In our previous study examining prelingually deafened patients, the cross-modal reorganization in the auditory cortices was shown to be related to speech perception ability, which indicates its clinical relevance when predicting CI outcome (Lee et al., 2007a). Once the functional takeover between the auditory and visual cortices occurs, the responsiveness and/or efficiency of auditory processing markedly decreases. Consequently, when the auditory cortex of deaf persons has less hypometabolism, their speech perception skills with CI use do not recover as well as people whose auditory cortex was not taken over by other sensory modalities (Lee et al., 2001, 2007a). Contrary to prelingually deafened individuals, the negative effect of the functional takeover on CI speech outcome was not found in the current study, which might have been because the development of the auditory pathway of postlingually deafened individuals is different from that of prelingually deafened people. In adult-onset deafness, the auditory pathway might be intact because auditory deprivation is initiated after the central auditory system has already fully developed (Petersen et al., 2013). Furthermore, an intact pathway seems to be maintained even if the auditory cortices are engaged in the processing of other senses via disinhibition of latent cortico-cortical connections (Bavelier and Neville, 2002; Chabot et al., 2015). Thus, it is possible that the original function of the auditory cortex will be easily recovered by reintroducing acoustic signals through CIs. The effective regeneration system in the auditory cortex in postlingually deafened CI users may interfere the maladaptive of cross-modal plasticity previously shown in prelingual deafness (Lee et al., 2007a). However, relatively few studies have been published for postlingually deafened CI users that examine relationships between the auditory cortex and speech perception. Thus, the debate on the functionality of cross-modal reorganization is still ongoing. In the maladaptive view, higher activation for visual processing in the auditory cortex was negatively related to speech performance (Sandmann et al., 2012). On the other hand, positive relationships between the auditory cortex activation to visual stimuli and behavioral speech scores were found (Stropahl et al., 2015, 2017 for review). More studies are needed to determine the functionality of cross-modal plasticity in the auditory cortex in postlingually deaf CI users.

A study comparing cortical responses of post- and prelingually deafened subjects has shown that the amplitudes of cortical evoked potentials in response to simple visual stimuli recorded from temporal sites were related to the CI outcome in prelingually but not in postlingually deafened subjects (Buckley and Tobey, 2011). Similarly, a recent PET study has also offered evidence that the plastic changes between pre-and postlingually deafened CI recipients are different (Petersen et al., 2013). In the study, postlingually deafened CI users revealed greater activation of speech over babble in the bilateral middle and superior temporal gyri, indicating that the postlingually deafened CI users can selectively differentiate meaningful speech from babble whereas the prelingually deafened CI recipients cannot. The adult-onset deafened patients with mature brains would have a distinct pattern of the reorganization involving the auditory cortex compared with congenitally deafened individuals whose auditory pathways had not yet undergone normal development. Nonetheless, a recent finding stands for the opposite results from our study, such that in congenitally deaf cats the auditory-responsive neurons were largely intact even though the cross-modal plasticity has been taken place due to the deafness (Land et al., 2016). More studies are needed to understand the degree, causes, and patterns of cross-modal reorganization in relation to the duration and onset of deafness.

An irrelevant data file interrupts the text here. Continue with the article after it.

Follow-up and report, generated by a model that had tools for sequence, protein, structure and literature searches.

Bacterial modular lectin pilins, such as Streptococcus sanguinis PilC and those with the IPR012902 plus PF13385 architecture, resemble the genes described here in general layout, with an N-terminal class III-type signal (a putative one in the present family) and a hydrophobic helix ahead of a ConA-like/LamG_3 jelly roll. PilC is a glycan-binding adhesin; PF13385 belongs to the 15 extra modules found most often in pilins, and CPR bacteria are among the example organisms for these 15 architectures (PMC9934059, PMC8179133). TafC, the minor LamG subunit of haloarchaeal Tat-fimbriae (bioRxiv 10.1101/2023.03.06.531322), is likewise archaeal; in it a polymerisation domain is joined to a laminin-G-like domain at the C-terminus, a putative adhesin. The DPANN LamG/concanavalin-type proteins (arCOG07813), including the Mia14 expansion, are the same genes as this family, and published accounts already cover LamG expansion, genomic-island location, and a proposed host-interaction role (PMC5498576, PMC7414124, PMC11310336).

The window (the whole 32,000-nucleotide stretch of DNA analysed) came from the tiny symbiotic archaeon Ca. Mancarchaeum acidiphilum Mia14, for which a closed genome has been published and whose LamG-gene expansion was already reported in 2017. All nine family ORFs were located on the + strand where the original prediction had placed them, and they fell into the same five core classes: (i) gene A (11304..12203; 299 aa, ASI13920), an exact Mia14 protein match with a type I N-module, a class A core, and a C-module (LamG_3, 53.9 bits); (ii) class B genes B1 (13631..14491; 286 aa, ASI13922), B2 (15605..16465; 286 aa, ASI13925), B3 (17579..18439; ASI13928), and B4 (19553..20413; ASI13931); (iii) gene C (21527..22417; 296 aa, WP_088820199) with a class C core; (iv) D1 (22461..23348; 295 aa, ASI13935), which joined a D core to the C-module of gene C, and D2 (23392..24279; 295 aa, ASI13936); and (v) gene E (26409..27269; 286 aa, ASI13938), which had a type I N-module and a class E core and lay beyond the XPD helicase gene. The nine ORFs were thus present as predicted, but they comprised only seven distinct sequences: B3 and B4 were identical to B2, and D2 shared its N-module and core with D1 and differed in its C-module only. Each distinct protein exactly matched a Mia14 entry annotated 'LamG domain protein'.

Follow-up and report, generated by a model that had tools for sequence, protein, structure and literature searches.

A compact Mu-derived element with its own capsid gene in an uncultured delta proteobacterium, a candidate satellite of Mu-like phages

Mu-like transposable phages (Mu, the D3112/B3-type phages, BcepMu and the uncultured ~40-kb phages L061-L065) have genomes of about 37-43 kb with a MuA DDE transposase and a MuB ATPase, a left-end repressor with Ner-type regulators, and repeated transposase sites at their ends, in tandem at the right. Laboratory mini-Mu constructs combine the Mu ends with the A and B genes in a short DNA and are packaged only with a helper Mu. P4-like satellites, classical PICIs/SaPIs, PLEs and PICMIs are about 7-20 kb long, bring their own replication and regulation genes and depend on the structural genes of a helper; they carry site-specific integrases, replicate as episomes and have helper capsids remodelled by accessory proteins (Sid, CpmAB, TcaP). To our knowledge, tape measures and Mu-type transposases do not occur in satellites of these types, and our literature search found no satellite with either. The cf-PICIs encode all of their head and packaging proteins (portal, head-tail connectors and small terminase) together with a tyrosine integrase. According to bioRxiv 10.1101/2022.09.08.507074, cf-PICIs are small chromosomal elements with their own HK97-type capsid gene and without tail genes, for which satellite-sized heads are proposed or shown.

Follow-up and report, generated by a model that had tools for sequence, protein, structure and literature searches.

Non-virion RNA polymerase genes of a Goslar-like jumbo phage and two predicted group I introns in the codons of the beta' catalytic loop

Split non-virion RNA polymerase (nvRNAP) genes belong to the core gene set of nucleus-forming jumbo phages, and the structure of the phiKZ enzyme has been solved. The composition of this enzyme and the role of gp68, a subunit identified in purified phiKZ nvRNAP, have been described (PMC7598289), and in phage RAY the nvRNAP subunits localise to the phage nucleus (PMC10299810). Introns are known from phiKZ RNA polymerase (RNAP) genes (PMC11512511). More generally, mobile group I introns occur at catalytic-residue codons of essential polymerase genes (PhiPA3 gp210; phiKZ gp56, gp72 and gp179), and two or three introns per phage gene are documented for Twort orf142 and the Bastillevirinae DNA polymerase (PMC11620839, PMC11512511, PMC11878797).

The glucose metabolic rate of the higher visual associative cortices including the right inferior temporal gyrus and precuneus was positively correlated with the duration of deafness. This result suggests that vision is superior to other sensory modalities in the functional takeover of the auditory sense. It also indicates that the visual associative cortices have a role in processing auditory information and multimodal integration. In fact, the inferior temporal gyrus and the precuneus are known to process auditory speech and auditory integration for CI users. For example, the precuneus has been associated with the processing of visuospatial imagery and audiovisual integration (Hertz and Amedi, 2010), and the inferior temporal gyrus has been related to extracting information from multimodal inputs and auditory speech processing in CI users (Giraud and Truy, 2002; Xu et al., 2009).

Deafness-Induced Plasticity in the Visual Cortex

Once the hearing sense has been deprived, postlingually deafened individuals spontaneously become dependent on their intact senses, such as vision, and this behavioral change is reflected in brain functional changes measured by neuroimaging techniques. For example, previous PET studies have demonstrated that visual-auditory cross-modal reorganization occurs in deaf individuals, and that the degree of reorganization is associated with auditory language skills (Lazard et al., 2010; Strelnikov et al., 2013). Similarly, for the deaf groups in the current study, the resting state brain activity in the visual areas increased and the brain activity was related to behavioral speech perception. It was assumed that the deaf patients were visually hyperactive in order to receive visual information to compensate for the deprivation of auditory information regardless of whether stimulation was ongoing or not. Furthermore, this finding is related to the behavioral characteristics of postlingually deafened patients who are known to rely considerably on speechreading to enhance auditory speech understanding. This is because the linguistic structure of the speechreading is similar to that of previously used auditory speech, while other visual languages such as sign language is different (Lee et al., 2007b; Strelnikov et al., 2013; Lazard et al., 2014).